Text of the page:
The Book of Amos
James J. Barker

Lesson 14

Text: AMOS 7:1-9


  1. In the Bible, we see many instances of intercessory prayer – Moses (Exodus 32:7-14; Numbers 14:11-20) and Samuel (I Sam. 7:5-8; 12:19-25) are two notable OT examples (cf. Jer. 15:1).
  2. In the NT, my favorite lessons in intercessory prayer are the Syrophenician woman (Matt. 15; Mark 7), and the church praying in Mary’s house for Peter while he was in prison (Acts 12).
  3. We often refer to the intercessory prayers of Elijah, and Jeremiah, and Daniel, but the intercessions of the prophet Amos (7:2, 5) are often overlooked.
  4. This is probably because when we think of Amos we usually think of his scathing blasts of judgment (cf. 7:17).
  5. In Amos 7 we have three visions.  After these visions we have the confrontation between Amos and the wicked priest Amaziah (7:10-17).
  6. After the first two Amos intercedes and God repented.
  7. After the third vision, Amos did not intercede because by that time it was too late (7:8).



  1. This is the first of a series of judgments upon Israel (cf. 7:1, 4, 7; 8:1).
  2. The judgments are from the Lord – “he formed grasshoppers” (7:1).
  3. “The king’s mowings” (7:1) were the early portions of the harvest.  “The latter growth” (7:1) refers to the final harvest of the growing season.
  4. Amos interceded for his backslidden and rebellious countrymen – “O Lord GOD, forgive, I beseech thee: by whom shall Jacob arise? for he is small” (7:2b).
  5. Amos was acknowledging that Israel (Jacob) could not survive without God’s help.
  6. The Israelites were trusting in the mountains of Samaria (6:1), but they did not consider the devastating destruction caused by the little locusts (7:1).
  7. God in grace and mercy responded to Amos’ prayer, and said, “It shall not be” (7:3).  God’s holiness is in conformity to His mercy.
  8. Psalm 106:44, 45 says, “Nevertheless he regarded their affliction, when he heard their cry.  And he remembered for them his covenant, and repented according to the multitude of his mercies.”
  9. Jonah 3:10 says, “And God saw their works, that they turned from their evil way; and God repented of the evil, that he had said that he would do unto them; and he did it not.”
  10. God does not “repent” (7:3, 6) the way man repents.
  11. The Scofield Bible says that in the NT repentance means “a change of mind…In the NT, such change of mind is often accompanied by contrition and self-judgment. When applied to God the word is used phenomenally according to O.T. custom. God seems to change His mind. The phenomena are such as, in the case of man, would indicate a change of mind.”



  1. Amos had already warned of locusts and draught (cf. 4:6-9).
  2. The waters of “the great deep” (7:4) would be dried up.  This refers to the subterranean waters that fed the springs and rivers (cf. Gen. 7:11 – “the same day were all the fountains of the great deep broken up”).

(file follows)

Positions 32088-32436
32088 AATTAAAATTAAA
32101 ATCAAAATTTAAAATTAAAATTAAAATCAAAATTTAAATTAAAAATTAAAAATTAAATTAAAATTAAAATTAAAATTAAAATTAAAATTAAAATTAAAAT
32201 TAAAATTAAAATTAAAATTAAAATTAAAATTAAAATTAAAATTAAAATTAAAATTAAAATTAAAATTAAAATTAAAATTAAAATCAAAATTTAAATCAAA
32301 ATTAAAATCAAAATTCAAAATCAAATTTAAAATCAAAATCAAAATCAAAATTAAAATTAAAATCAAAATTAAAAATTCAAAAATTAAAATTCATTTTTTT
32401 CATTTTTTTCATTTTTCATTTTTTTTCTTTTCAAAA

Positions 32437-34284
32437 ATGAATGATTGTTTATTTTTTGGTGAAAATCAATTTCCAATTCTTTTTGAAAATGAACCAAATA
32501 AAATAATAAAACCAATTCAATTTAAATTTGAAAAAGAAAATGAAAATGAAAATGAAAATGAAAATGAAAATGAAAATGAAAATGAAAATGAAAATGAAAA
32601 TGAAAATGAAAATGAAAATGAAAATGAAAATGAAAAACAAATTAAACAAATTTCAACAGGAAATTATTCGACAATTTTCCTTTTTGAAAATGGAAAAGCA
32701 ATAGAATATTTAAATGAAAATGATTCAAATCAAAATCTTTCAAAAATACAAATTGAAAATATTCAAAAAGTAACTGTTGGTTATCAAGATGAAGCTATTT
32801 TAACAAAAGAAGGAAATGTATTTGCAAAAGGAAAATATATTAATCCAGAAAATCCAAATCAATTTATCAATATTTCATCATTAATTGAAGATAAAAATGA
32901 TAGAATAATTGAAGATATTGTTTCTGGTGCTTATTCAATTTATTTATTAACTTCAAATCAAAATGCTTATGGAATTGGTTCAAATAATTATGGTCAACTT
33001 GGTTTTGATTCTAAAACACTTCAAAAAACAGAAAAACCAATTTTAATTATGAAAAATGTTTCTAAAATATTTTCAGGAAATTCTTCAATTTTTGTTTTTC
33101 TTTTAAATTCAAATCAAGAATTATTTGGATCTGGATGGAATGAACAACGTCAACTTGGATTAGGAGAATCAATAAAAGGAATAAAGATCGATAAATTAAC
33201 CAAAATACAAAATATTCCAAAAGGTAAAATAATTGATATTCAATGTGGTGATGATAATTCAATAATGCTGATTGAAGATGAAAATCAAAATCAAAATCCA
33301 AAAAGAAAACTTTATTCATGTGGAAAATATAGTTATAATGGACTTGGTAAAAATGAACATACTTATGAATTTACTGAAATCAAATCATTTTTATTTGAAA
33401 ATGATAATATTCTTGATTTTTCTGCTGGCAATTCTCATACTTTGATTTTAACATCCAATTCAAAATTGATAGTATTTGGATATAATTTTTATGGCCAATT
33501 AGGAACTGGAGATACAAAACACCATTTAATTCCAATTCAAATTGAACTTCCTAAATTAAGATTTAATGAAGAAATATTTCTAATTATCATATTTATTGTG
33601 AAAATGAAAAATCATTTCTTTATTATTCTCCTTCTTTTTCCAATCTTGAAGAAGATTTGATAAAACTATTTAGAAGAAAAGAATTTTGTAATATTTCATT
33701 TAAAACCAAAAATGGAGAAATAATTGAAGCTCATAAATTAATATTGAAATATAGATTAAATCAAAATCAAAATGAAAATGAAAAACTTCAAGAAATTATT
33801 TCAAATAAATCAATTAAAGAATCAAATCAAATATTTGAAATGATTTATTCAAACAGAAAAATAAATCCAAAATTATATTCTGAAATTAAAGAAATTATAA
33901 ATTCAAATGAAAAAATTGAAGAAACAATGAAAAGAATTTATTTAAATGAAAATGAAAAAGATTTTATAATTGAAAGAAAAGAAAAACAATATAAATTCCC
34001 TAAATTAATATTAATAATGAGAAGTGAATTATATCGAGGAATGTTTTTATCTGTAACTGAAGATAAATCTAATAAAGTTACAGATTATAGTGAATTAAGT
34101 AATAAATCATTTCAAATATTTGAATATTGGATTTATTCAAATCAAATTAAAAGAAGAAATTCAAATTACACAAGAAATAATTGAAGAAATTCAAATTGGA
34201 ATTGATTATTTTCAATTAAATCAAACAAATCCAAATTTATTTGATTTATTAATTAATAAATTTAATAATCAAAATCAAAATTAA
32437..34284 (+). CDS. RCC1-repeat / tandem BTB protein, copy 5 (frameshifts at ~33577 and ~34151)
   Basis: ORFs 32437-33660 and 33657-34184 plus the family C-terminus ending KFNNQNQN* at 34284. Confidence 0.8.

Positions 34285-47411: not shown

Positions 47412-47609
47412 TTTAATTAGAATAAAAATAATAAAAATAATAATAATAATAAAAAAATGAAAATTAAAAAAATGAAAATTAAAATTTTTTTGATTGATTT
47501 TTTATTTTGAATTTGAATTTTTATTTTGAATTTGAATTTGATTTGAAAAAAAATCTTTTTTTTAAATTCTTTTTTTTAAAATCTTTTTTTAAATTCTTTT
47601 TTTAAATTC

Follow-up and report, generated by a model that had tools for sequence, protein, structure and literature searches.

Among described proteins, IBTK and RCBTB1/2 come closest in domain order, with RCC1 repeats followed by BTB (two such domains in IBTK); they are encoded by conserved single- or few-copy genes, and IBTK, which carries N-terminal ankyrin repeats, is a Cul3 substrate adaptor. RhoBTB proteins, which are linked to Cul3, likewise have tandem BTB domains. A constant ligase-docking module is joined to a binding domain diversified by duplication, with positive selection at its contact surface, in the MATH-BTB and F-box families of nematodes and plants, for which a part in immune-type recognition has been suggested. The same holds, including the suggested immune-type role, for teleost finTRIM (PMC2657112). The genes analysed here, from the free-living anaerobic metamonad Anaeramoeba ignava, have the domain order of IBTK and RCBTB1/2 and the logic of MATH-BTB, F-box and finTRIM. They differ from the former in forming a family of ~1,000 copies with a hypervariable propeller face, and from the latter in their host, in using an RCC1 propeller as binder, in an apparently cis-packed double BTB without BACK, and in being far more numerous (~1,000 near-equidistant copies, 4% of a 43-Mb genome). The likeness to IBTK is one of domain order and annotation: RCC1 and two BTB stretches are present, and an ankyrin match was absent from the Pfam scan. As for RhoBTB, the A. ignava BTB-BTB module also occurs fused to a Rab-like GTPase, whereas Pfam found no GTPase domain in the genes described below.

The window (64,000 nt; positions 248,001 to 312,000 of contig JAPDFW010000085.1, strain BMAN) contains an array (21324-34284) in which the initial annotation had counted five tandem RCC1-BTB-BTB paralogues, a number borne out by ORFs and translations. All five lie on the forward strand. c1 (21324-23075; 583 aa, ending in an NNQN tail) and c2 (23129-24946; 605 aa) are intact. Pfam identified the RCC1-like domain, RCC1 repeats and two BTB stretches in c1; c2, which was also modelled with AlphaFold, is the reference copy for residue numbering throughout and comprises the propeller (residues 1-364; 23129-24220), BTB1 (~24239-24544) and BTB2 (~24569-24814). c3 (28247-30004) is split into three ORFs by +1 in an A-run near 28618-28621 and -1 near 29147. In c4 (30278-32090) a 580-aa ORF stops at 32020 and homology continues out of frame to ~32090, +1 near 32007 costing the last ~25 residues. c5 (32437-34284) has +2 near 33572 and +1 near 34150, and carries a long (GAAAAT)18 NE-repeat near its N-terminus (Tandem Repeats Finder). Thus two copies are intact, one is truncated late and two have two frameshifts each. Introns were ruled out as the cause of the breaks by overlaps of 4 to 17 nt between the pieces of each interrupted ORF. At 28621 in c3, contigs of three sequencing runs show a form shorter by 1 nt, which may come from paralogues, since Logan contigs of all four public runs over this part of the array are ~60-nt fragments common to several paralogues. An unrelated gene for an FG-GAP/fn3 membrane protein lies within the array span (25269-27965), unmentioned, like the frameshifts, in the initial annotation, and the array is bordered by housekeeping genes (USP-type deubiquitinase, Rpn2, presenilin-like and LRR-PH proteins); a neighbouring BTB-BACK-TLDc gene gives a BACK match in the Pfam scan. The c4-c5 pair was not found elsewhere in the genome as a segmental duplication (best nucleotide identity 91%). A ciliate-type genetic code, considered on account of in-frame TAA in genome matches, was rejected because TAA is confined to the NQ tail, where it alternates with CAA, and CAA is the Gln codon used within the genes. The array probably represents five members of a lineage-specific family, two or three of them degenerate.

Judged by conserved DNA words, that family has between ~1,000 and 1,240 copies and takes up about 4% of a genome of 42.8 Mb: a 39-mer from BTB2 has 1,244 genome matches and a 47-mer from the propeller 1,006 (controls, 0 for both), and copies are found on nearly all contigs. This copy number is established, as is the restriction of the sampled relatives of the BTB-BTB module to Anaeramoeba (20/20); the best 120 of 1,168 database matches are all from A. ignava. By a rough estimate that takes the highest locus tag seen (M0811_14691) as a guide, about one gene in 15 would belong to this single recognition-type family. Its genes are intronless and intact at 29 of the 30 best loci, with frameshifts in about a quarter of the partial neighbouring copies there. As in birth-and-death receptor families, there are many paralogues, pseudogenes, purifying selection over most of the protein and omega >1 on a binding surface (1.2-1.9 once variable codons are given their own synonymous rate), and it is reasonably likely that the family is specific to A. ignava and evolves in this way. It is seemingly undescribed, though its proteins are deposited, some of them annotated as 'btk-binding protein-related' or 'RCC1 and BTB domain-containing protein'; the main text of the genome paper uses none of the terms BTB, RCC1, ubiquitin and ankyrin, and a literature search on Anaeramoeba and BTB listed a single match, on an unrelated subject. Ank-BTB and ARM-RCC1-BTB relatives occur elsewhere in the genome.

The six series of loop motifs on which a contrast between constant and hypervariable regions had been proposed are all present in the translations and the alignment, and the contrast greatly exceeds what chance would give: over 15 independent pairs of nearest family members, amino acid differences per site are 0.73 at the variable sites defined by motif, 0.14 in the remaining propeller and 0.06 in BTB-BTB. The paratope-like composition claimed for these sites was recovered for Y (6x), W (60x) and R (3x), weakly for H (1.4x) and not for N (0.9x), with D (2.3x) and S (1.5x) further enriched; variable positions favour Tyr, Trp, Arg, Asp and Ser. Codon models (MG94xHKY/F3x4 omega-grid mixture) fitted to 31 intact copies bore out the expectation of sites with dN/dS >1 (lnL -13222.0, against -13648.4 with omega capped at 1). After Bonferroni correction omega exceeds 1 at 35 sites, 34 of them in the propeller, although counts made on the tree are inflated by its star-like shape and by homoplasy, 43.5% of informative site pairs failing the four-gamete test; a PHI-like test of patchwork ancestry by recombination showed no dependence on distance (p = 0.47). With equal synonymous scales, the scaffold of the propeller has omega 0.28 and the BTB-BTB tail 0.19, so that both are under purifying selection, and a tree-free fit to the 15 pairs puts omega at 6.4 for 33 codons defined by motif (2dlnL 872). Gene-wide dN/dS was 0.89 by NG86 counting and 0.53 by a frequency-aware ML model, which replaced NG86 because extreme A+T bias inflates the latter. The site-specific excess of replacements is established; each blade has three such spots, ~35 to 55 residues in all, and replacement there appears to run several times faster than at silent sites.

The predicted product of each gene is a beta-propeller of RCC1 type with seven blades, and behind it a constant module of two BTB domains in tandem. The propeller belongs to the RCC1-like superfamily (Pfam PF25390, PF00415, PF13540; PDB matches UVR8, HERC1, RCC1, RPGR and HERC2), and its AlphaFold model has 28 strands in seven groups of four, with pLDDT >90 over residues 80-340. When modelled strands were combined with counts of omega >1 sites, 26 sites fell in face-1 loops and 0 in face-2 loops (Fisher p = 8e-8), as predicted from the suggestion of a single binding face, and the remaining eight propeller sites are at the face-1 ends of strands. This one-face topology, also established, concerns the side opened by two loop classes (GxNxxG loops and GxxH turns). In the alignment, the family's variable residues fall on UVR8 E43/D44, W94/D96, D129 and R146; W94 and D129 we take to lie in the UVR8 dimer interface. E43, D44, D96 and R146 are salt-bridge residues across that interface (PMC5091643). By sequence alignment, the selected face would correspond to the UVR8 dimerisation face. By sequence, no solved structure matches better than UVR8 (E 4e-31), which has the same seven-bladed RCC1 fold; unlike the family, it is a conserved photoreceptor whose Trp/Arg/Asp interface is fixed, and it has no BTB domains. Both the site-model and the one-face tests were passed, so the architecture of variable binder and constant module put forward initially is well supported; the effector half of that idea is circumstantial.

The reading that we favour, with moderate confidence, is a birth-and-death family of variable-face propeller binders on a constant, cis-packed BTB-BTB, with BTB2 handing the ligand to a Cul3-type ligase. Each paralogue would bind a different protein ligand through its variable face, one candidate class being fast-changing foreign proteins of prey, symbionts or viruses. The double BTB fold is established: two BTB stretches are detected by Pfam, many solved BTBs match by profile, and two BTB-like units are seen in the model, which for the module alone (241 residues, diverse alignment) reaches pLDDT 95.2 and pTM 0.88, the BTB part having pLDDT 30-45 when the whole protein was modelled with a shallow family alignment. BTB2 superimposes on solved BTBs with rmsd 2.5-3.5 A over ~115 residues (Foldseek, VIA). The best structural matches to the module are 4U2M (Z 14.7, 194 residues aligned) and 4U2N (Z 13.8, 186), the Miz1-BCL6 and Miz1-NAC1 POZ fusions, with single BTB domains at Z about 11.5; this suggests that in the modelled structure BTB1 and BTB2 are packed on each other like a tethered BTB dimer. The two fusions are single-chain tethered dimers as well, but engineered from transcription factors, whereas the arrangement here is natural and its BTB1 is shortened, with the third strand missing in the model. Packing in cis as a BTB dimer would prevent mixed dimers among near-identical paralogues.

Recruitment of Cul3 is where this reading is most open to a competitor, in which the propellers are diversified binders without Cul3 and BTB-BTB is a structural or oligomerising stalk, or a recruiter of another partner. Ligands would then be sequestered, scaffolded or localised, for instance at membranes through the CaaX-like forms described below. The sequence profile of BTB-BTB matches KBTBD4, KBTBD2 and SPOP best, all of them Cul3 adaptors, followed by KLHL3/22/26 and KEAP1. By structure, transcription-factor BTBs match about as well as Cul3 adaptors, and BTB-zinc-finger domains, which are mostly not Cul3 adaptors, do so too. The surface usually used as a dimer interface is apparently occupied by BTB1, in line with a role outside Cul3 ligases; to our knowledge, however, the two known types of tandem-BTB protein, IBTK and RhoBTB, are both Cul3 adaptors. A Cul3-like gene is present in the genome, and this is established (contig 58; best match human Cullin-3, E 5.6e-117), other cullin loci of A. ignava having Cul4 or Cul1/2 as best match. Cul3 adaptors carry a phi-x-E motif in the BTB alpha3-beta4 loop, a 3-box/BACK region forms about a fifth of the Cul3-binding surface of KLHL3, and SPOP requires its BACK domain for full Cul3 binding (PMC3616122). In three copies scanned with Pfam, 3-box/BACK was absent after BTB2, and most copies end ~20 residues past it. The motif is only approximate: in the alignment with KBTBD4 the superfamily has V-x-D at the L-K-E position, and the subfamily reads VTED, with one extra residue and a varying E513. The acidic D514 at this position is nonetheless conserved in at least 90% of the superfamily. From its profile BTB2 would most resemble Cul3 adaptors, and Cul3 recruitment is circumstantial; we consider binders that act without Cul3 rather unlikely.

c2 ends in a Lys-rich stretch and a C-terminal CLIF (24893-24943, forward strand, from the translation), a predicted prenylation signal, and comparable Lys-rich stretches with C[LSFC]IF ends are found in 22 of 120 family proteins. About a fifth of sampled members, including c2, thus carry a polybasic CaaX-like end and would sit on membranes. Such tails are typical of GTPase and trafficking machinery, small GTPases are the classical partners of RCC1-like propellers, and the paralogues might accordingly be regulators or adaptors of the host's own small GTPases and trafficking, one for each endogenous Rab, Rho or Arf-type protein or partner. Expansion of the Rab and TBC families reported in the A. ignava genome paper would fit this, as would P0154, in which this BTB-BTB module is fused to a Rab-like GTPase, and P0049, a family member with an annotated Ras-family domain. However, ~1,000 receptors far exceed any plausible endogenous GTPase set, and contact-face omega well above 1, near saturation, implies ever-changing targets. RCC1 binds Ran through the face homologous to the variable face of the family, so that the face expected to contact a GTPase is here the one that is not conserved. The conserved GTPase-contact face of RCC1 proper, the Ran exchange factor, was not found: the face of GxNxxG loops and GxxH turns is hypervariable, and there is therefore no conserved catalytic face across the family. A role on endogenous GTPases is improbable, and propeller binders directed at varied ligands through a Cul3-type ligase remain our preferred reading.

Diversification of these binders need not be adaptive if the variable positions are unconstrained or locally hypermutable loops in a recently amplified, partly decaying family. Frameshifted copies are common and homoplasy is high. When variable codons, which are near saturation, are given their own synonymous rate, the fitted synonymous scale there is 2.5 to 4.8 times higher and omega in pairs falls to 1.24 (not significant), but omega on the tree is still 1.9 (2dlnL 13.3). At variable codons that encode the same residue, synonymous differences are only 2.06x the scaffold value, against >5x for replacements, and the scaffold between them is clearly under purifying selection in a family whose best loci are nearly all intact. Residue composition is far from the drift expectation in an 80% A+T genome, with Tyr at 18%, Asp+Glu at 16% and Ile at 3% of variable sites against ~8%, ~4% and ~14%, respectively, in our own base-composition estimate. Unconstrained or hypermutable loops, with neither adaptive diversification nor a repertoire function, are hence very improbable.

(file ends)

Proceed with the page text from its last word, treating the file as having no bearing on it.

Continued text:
3. Once again, Amos interceded (7:5; cf. 7:2).
  4. God was not bent on destroying Israel.  His intention was to turn them from their wicked ways by disciplinary judgments.
  5. That is why Ezekiel 18:32 says, “For I have no pleasure in the death of him that dieth, saith the Lord GOD: wherefore turn yourselves, and live ye.”



  1. A plumbline is normally used for construction, not destruction – to build, not to tear down.
  2. However, it is used this way elsewhere in the Bible.  And I will stretch over Jerusalem the line of Samaria, and the plummet of the house of Ahab: and I will wipe Jerusalem as a man wipeth a dish, wiping it, and turning it upside down” (II Kings 21:13).
  3. Isaiah 28:17 says, “Judgment also will I lay to the line, and righteousness to the plummet: and the hail shall sweep away the refuge of lies, and the waters shall overflow the hiding place.”
  4. Lamentations 2:8 says, “The LORD hath purposed to destroy the wall of the daughter of Zion: he hath stretched out a line, he hath not withdrawn his hand from destroying: therefore he made the rampart and the wall to lament; they languished together.”
  5. Notice there is now no more intercession from the prophet Amos. God’s patience was exhausted (7:8).
  6. Amos 7:9 refers to “the house of Jeroboam” (the second), and this prophecy was fulfilled when Shallum slew King Jeroboam’s son Zachariah and reigned in his stead (II Kings 15:10).



  1. EM Bounds tells of a man named George Benfield, a driver on the Midland Railway, who was standing on the footplate oiling his engine, the train being stationary. His foot slipped, and he fell in the space between the lines. He heard the express train coming on, and had only time enough to lie full length in between the rails when it rushed by. He escaped unhurt.
  2. He returned to his home in the middle of the night and as he was going up-stairs he heard one of his children, a girl about eight years old, crying and sobbing. “Oh, father,” she said, “I thought somebody came and told me that you were going to be killed, and I got out of bed and prayed that God would not let you die.”
  3. EM Bounds said, “Was it only a dream, a coincidence? George Benfield and others believed that he owed his life to that prayer.”

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